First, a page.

Eat & Eye by Riihimäki Art Museum is a collective exhibition that focuses on food, table settings and meals. The exhibition demonstrates the ways in which various artists have interpreted these themes and their relationship with food and dining, encouraging visitors to inspect the works from new and even surprising perspectives.
The name of the exhibition could have come from a modern restaurant: Eat & Eye. It represents a type of menu or setting with different works from the collections of Riihimäki Art Museum that are related to food, meals and table settings.
The exhibition invites visitors to explore and ponder how and why the artists have depicted their chosen meals and food items, as well as the ingredients used in their creation. Short snippets provide glimpses into the role that their chosen food items and meals played in their lives and artistic efforts.
Art is a feast for the eyes, and the right type of nourishment is good for your soul as well as your eyes. For the artists, there can be no alternatives: one needs to both eat and create. Meals consisting of meagre and humble ingredients, such as Tyko Sallinen’s Herring Arrangement, speak volumes about the poverty faced by budding and starving artists. Jalmari Ruokokoski painted works featuring fishes that he bought from the market square, which were then turned into his family’s suppertime meal. Marcus Collin’s Crayfish Arrangement is a story of abundance – or perhaps it is a reference to the crayfish parties that have remained popular in the Nordic countries. Fruit and vegetables were often included in arrangements when the goal was to create something beautiful, attractive and commercial. These works were considered appropriate for display in most homes, as they depicted something familiar and easily approachable. Hanging game birds, mushrooms and whole fishes spoke volumes about the everyday meals enjoyed by people of all walks of life.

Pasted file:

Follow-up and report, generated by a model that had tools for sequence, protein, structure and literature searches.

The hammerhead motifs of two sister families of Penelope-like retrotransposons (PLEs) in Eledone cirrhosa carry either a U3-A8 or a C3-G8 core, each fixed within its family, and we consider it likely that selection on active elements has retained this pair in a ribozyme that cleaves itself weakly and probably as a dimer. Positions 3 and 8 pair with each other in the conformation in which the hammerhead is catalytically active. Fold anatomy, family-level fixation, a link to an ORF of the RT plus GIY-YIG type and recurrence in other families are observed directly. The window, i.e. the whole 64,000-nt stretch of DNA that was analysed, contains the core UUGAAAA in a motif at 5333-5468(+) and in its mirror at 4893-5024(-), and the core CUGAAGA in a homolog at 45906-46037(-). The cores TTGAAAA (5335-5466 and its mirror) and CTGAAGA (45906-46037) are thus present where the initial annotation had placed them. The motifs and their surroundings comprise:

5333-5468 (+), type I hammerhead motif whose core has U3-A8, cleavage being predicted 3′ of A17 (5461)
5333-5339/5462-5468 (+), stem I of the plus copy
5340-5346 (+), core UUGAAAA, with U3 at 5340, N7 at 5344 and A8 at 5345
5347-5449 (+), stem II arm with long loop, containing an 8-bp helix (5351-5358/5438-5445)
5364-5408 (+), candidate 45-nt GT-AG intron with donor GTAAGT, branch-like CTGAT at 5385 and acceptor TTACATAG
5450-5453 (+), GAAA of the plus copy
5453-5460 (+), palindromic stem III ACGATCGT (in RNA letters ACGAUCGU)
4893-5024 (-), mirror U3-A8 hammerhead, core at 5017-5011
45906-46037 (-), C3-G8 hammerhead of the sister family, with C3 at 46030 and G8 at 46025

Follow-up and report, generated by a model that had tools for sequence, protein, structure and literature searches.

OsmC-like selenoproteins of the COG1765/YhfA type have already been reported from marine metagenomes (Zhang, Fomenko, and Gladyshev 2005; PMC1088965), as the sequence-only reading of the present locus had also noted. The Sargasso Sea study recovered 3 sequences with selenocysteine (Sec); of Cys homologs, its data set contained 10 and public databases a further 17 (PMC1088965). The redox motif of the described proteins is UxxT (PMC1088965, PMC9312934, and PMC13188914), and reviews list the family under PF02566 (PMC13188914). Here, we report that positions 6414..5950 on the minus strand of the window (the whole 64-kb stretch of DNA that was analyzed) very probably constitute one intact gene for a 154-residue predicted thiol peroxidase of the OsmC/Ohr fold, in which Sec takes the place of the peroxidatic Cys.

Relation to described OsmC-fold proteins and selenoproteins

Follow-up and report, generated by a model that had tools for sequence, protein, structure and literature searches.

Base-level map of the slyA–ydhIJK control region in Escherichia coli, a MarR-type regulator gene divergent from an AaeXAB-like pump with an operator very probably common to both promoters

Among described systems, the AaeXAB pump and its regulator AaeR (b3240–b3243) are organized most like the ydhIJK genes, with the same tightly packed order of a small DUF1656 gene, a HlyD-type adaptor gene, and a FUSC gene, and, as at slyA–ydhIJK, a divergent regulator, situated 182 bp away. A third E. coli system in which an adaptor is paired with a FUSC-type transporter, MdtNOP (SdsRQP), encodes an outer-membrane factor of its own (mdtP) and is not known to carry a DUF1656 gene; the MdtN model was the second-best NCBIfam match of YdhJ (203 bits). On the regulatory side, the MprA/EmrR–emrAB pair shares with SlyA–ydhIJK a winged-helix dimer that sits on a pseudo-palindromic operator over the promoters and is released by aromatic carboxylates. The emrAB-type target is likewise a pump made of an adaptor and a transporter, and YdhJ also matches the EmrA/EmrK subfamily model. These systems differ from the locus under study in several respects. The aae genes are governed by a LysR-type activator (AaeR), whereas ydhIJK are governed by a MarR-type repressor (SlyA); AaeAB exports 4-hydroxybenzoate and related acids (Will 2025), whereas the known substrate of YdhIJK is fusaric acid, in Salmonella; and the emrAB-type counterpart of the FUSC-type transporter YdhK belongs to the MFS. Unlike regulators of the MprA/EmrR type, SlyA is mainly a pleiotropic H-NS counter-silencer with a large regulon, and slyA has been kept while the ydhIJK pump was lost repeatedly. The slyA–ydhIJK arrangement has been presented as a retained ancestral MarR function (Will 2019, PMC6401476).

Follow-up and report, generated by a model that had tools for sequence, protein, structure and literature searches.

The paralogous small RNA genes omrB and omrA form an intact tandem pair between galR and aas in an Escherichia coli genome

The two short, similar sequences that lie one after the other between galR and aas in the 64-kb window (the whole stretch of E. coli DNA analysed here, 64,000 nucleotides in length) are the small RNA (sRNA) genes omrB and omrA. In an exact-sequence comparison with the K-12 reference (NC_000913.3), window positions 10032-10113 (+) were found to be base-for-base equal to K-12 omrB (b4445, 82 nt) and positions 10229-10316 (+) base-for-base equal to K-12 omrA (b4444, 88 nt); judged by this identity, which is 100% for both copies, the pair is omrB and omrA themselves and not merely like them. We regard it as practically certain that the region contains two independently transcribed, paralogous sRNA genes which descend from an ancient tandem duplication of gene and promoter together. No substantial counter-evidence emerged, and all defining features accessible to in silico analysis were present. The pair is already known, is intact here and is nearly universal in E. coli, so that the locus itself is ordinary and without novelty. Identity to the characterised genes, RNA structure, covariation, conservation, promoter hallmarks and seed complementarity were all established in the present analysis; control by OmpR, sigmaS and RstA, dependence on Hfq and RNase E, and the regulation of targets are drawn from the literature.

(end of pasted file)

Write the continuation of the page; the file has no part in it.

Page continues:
The works in the exhibition finely tread the line between beauty and decay, the circle of life, and the various meanings we attach to different colours. Themes that seem simple at first may soon reveal completely new sides to them. In their works, the artists experiment with colours, forms and arrangements – but they also reveal much more. Upon closer inspection, they depict many layers of meaning as well as symbolic clues and keys to various interpretations and references to the long and storied history of arrangements and paintings of meals. The exhibition invites us to ponder the age-old question: can these works be more than the fruit, vegetables and meals that we see in front of us? Or are they all truly about cabbages, carrots, apples, mushrooms, fishes and game birds?
What may seem pleasing to the eye in a painting may not taste good or even be edible. Although the exhibition may not whet your appetite, it is sure to provide new perspectives and ways to examine themes related to food and meals that you might not normally notice in your everyday life.
The exhibition includes paintings, sculptures, porcelain objects, pewter dishes and other items from the collections of Riihimäki Art Museum. The exhibition features works from artists such as Tyko Sallinen, Helene Schjerfbeck, Jalmari Ruokokoski, Ester Helenius, Arvo Makkonen, Ellen Thesleff, Venny Soldan-Brofelt, Mikko Carlstedt, Ingrid Ruin, Mikko Oinonen, Väinö Hervo, Ilmari Aalto, Tuomas von Boehm, and many others.